Do you doodle? I remember my mom making these elaborate doodles of shapes and flowers and leaves on the margins of whatever paper she found lying around–usually when she was on the phone, I think–and thinking they were incredible, but whenever I would try to doodle I felt kind of silly, like it was a waste of time or effort to draw without really drawing. Well, the other day I was in a fairly stressful situation–I had to wait about an hour to go into a meeting that I’d been anticipating for weeks, maybe months–and so I got out my notebook and started to draw. At first I drew one of my usual comics–myself in a funny version of the current situation–but while I made myself chuckle, it really only served to amplify my nerves. So instead of drawing another comic, I drew a heart. And then a another heart around it. And then I thought, I’ll make this a paisley. And before I knew it, my mind emptied of my current situation and focused entirely on the few square inches of paper upon which I was doodling. Soon enough, I was called into my meeting, and I didn’t feel stressed out at all.
I think this is why adult coloring books are so popular. It gives you something to focus on, something completely meaningless but difficult enough that you have to devote your attention to it. I’ve tried coloring those detailed drawings while watching TV and I always end up outside the lines, even with the sharpest pencil. And mostly, I’ve used adult coloring books or doodles as a way simply to pass the time–my life is not filled with the kind of anticipatory stress I felt the other day–but when I really had something to take my mind off of, boy did doodling work. Next time I can’t sleep because I’m obsessing about something, you can bet I’ll doodle my brains out.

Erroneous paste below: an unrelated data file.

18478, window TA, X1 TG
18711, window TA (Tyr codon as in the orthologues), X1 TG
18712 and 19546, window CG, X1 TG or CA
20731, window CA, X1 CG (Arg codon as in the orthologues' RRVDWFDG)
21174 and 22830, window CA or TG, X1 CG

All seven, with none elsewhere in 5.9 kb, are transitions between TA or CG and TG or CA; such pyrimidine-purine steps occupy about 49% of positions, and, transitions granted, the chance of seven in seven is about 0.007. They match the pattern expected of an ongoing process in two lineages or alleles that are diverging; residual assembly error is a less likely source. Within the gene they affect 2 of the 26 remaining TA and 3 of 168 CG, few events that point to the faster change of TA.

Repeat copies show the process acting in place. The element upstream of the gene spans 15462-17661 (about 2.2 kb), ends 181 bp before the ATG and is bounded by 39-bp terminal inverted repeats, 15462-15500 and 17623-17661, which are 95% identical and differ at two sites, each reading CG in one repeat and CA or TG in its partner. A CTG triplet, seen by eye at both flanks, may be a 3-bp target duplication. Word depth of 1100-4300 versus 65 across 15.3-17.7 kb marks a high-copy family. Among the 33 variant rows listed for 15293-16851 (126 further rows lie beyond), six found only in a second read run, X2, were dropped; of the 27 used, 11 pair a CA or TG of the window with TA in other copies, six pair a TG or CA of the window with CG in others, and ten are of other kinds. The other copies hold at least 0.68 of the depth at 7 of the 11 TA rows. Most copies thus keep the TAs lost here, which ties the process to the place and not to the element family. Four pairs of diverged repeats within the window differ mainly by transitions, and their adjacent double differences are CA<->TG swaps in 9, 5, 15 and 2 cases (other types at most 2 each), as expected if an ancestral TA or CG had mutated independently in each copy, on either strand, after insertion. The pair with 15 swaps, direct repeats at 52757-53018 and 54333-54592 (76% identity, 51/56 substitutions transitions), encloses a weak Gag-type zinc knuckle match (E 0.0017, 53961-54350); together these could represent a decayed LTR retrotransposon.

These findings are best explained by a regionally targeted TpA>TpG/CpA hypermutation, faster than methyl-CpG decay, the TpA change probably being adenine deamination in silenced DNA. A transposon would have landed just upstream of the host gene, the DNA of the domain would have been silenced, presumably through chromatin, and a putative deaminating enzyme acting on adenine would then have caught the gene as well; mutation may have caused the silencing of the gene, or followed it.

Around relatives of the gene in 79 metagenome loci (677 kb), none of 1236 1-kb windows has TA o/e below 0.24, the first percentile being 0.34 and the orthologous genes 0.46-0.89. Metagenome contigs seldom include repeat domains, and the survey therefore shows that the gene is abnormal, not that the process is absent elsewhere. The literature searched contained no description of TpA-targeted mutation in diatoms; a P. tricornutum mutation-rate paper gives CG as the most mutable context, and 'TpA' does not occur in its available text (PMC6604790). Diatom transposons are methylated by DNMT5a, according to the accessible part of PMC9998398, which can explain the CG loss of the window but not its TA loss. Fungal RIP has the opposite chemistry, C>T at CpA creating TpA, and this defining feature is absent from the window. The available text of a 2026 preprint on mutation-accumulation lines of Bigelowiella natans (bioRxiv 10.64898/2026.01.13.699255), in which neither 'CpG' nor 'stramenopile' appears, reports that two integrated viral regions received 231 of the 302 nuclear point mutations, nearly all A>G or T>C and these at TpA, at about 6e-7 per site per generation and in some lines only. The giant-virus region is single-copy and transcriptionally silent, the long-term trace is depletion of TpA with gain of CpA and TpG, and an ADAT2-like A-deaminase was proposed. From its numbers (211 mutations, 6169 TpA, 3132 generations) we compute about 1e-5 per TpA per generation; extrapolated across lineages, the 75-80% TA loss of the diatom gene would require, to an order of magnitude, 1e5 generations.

A year ago, I had no idea who Johnny Iuzzini was. Then I saw him as a judge on The Great American Baking Show (the US version of The Great British Baking Show, nee The Great British Bake Off). Okay, I still didn’t know who he was, but he seemed to be knowledgeable and he was pretty cute and worked well alongside my beloved Mary Berry. And then a few days ago I was at Barnes and Noble, browsing the cookbook aisle (as I so often do), looking for a baking book that was not just a compendium of recipes but something of a baker’s text. I thought I wouldn’t find one (how many books can people publish that are just a bunch of recipes for cookies?) but then the title caught my eye and lo! A cookbook by Johnny Iuzzini. And not only that, a teaching cookbook by Johnny Iuzzini. With tips and ideas and recipes I actually hadn’t heard before. Things that made me go, “OoooOoOooOh!” and run to the kitchen to try them. Things that make scientific sense despite their contrast to conventional wisdom. Plus quite a few recipes using tarragon. I LOVE tarragon.
I’ve only made one recipe out of the book so far–Spreadable Caramel–and several of his techniques within other recipes. And oh my god. If you’re a baker, you really need this book.
I can’t remember what year it was, but I first learned about One Direction at the movie theater. They had a documentary/behind-the-music thing coming out and when I saw the trailer, it took quite a while for me to realize it was serious. I thought: mockumentary. I thought: I bet Christopher Guest is playing their manager. (Call Rob Reiner! Make it happen!) But no–these guys are really a “band.” A boy band.
The next time I encountered One Direction was about a couple months ago, when my daughter’s Elmo obsession led us to their appearance on Sesame Street, singing “What Makes U Useful.” I cracked up the whole time we watched it. It is now one of my very favorite videos on YouTube. Continue reading “Sesame Street, Boy Bands, and Other Parts of Growing Up”